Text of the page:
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Sprinkler, Vent and Draft Curtain Interaction: Experiment and Computer Simulation.


pdf icon Sprinkler, Vent and Draft Curtain Interaction: Experiment and Computer Simulation. (95 K)
McGrattan, K. B.; Stroup, D. W.

Fire Research and Engineering, Second (2nd) International Conference. (ICFRE2). Proceedings. ABSTRACTS ONLY. National Institute of Standards and Technology and Society of Fire Protection Engineers. August 10-15, 1997, Gaithersburg, MD, Slaughter, K. C., Editor(s), 14-14 pp, 1997.

Keywords:

fire research; fire protection engineering; computer simulation; sprinklers; vents

Abstract:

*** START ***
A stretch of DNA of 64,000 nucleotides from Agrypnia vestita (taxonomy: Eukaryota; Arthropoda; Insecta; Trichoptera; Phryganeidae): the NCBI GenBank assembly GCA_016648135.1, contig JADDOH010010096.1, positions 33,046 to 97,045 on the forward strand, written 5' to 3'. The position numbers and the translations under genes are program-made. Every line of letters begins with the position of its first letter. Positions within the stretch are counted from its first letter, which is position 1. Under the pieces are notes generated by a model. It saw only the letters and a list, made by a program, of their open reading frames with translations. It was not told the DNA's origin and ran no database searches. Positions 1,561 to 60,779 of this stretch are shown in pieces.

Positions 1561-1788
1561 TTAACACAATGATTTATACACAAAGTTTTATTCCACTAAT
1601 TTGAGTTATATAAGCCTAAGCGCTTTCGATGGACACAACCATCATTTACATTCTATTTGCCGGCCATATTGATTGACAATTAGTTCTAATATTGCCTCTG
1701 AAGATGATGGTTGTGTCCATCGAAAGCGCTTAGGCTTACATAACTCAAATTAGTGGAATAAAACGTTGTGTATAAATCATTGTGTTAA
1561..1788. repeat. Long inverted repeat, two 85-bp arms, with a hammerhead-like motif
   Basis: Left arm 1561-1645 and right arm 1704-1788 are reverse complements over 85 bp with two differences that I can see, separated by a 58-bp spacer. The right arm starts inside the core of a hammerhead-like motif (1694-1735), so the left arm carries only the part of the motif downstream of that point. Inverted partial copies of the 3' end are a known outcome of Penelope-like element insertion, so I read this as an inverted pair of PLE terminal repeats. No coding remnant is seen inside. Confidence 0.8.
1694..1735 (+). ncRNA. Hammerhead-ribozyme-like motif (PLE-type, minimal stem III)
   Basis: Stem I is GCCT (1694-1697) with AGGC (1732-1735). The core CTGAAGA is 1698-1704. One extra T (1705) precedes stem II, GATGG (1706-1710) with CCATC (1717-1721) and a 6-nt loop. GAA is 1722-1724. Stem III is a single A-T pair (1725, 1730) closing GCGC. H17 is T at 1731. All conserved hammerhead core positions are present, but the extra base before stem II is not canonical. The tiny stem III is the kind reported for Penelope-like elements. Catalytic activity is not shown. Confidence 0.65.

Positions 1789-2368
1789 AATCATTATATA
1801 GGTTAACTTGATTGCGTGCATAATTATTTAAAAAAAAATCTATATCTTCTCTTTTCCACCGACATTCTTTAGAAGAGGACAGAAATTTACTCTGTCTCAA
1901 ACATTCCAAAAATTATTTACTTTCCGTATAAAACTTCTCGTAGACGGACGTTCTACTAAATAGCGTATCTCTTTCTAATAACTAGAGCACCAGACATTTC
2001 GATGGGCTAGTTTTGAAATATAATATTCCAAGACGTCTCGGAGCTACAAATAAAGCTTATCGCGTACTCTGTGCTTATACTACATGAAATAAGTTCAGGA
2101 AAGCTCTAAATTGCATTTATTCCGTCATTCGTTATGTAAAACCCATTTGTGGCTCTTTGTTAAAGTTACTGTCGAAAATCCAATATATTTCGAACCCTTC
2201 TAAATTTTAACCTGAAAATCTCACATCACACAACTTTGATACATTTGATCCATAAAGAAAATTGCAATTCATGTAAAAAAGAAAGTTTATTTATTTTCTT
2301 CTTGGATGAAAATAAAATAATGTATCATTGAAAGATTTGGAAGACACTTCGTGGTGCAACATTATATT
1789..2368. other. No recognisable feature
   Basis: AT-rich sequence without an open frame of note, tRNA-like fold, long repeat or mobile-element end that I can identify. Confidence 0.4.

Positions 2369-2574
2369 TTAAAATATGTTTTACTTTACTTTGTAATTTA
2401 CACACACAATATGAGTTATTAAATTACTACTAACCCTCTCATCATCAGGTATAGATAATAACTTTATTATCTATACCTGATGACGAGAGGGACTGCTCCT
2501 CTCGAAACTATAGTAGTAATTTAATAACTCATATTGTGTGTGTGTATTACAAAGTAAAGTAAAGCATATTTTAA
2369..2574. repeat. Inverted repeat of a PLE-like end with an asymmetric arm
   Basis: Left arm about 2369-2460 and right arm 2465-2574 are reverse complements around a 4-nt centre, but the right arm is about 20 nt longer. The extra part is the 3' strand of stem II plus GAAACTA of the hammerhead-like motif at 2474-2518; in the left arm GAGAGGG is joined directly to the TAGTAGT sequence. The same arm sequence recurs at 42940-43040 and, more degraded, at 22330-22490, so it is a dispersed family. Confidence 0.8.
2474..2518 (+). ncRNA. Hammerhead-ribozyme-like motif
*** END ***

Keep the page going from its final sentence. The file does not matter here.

ABSTRACT ONLY The National Fire Protection Research Foundation is overseeing a project to evaluate the interaction of sprinklers with draft curtains and smoke/heat vents. The goal of the project is to settle the long-standing debate as to the conditions under which vents and draft curtains are beneficial, and under which they are detrimental, to the performance of a sprinkler system in large enclosures. To reach the goal, full scale commodity fires are being planned for space that will mimic as much as possible large storge and manufacturing facilities. Towards that end, a series of heptane spray burner tests was conducted in January 1997 at the Underwriters Laboratories large-scale fire test facility to study the interaction between sprinklers, vents and draft curtains in a well-controlled environment. One of the objectives of these tests was to evaluate the predictive capability of a field model presently under development at the National Institute of Standards and Technology (NIST). The model, which is referred to as the NIST Large Eddy Simulation (LES) fire model, is a computational fluid dynamics code that solves the equations governing the flow of smoke and hot gases from a fire. Phenomena like sprinkler sprays, flame spread and radiative transport have been incorporated in the model. The results of the experiments will be used to assess the accuracy of the model, add new physical phenomena if needed, and improve existing mechanisms if weaknesses are detected. This exercise will greatly increase the confidence in the model, allowing it to be used to expand the test matrix beyond that of the actual experiments, which are limited due to cost considerations.